It'd be a good chance to upgrade parts though.

I have no idea about the pots though, msot of what you just described mean nothing to me.
All I can get from the pots are written on it Cn3-4am - T1A - 100KM for both tone and sustain and Cn3-4am - R8B - 100KM for volume and I have no idea what id be measirung for anything else.

As for the LED is short end positive? I think from what I can remember, one of the er metaly stick bits leads to the switch and one to the PCB. ANy idea which way around id stick that then?
Last edited by beckyjc at Nov 19, 2007,
#8
Quote by beckyjc


So this is basically whats going on with the PCB/switch, if you can make sense of it.

That might just be TB already, I can't tell exactly but if there's a 3x3 switch on there it's probably TB. Try and see if it is by putting it as the only one in your chain, playing bypassed and comparing it to having nothing in your chain?

So by that it'd seem the tone and sustain are audio taper and the volume linear taper, I think... It doesn't make much sense though, unless, does the volume jump up quick on low settings like on Fender amps but then the increase gets lower as you turn it up?
The Laney Thread are big and clever. No exceptions.
#9
Quote by beckyjc
As for the LED is short end positive? I think from what I can remember, one of the er metaly stick bits leads to the switch and one to the PCB. ANy idea which way around id stick that then?
The long lead is positive. Use a multimeter to determine the polarity of the voltage on the present LED before you replace it. Worst case, if you get it backward it won't damage anything, it just won't light. Swap ends in that case.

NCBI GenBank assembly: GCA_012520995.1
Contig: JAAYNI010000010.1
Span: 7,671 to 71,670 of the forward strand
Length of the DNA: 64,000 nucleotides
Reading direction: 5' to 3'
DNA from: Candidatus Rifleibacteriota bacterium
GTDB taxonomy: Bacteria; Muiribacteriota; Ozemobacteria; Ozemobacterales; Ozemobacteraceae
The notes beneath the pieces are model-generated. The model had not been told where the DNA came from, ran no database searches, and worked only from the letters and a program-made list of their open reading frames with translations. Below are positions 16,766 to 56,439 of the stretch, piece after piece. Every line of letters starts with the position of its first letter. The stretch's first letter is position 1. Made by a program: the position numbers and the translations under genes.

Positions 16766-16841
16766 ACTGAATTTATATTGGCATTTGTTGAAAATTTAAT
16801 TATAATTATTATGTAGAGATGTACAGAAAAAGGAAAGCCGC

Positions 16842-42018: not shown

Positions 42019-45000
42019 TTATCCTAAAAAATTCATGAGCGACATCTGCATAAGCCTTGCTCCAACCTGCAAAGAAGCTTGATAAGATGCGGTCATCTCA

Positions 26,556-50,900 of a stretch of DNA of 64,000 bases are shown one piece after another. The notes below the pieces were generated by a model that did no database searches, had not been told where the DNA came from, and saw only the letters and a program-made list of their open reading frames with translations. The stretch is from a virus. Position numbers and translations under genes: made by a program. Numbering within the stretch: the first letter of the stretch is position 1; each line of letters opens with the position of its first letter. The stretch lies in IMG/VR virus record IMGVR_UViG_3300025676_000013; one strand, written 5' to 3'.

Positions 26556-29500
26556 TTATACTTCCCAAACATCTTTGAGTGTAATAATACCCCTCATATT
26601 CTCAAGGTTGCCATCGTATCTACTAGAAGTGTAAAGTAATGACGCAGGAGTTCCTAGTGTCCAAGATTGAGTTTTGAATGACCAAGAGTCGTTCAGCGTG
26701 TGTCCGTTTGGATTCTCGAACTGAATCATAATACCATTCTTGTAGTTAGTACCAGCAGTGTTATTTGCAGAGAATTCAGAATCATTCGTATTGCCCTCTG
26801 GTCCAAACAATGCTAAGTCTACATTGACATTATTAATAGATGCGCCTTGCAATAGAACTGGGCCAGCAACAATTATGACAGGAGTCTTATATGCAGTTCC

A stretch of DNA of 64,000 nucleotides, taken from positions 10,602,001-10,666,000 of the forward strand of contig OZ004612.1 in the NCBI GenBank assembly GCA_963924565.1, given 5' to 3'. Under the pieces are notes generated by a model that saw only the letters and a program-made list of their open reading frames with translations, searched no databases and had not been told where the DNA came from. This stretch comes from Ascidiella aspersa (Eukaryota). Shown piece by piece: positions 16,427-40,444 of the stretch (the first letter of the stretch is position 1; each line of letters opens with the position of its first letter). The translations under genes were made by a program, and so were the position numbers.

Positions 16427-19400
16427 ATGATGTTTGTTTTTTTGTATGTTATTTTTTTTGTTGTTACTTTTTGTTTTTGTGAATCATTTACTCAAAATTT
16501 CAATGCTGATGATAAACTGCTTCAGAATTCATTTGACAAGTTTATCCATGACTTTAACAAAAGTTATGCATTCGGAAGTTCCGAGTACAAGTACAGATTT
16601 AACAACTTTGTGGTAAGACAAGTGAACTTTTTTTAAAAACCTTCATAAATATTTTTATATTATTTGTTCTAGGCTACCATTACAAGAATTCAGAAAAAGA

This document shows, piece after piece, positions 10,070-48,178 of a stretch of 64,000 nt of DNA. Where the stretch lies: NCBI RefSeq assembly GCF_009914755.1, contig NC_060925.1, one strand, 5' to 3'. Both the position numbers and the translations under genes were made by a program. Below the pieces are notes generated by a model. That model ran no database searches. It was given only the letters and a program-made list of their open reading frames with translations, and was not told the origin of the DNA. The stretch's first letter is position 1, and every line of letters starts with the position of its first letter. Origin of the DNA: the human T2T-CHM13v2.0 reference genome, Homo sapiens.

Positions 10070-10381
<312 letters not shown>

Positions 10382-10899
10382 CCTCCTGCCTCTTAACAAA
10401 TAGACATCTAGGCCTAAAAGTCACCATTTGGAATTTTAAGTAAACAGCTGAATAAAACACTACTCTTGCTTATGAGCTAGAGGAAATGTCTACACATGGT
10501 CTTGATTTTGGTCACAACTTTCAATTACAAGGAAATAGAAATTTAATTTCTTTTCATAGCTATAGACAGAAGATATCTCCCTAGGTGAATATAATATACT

As far as the rest goes, if the pots only mount to the chassis, but not to the board, that makes things a bit simpler for selection. I can't make heads or tails of the numbers on the pots. I suspect they're all the same and the "T1A" and "R8B" might just be production lot numbers.

You could take them out, and set them to the center of their rotation. If you measure about half the total resistance from the wiper to each outer lug, it's linear. If you measure about 10% to one lug and 90% to the other, its logarithmic.

I hope your soldering skills are better than your drawing skills.

cba to check the entire wiring against the schematic and the other mod drawing, but it looks like the input jack is connected to the pole bottom center. (this switch is turned 90 degrees from the on in the other drawing) It only connects to the input of the muff circuit when the contact is made to the throw on it's right. The output jack (pole dead center of the switch) is connected to the volume control on the right, or to the input on the left. That fits perfectly with the true bypass scheme. I dunno what's going on with the top row. obviously the led on the right, but I have no idea about the "sust" on the left.
Meadows
Quote by Jackal58
I release my inner liberal every morning when I take a shit.
Quote by SK8RDUDE411
I wont be like those jerks who dedicate their beliefs to logic and reaosn.
#10
Hmm, i actually have no idea what you mean by measuring the resistance, and i cant get the pots out, theyre held in too tight and i dont want to be ripping any of the wires out just yet... =(

My drawing skills are incredible, soldering, not so much. I have a tendancy to grab too far down... Which doesnt end well.

Well, will save me a bit of solder work then if its allready TB.

I just copied the way they installed the switch. And sust, is sustain/distortion pot.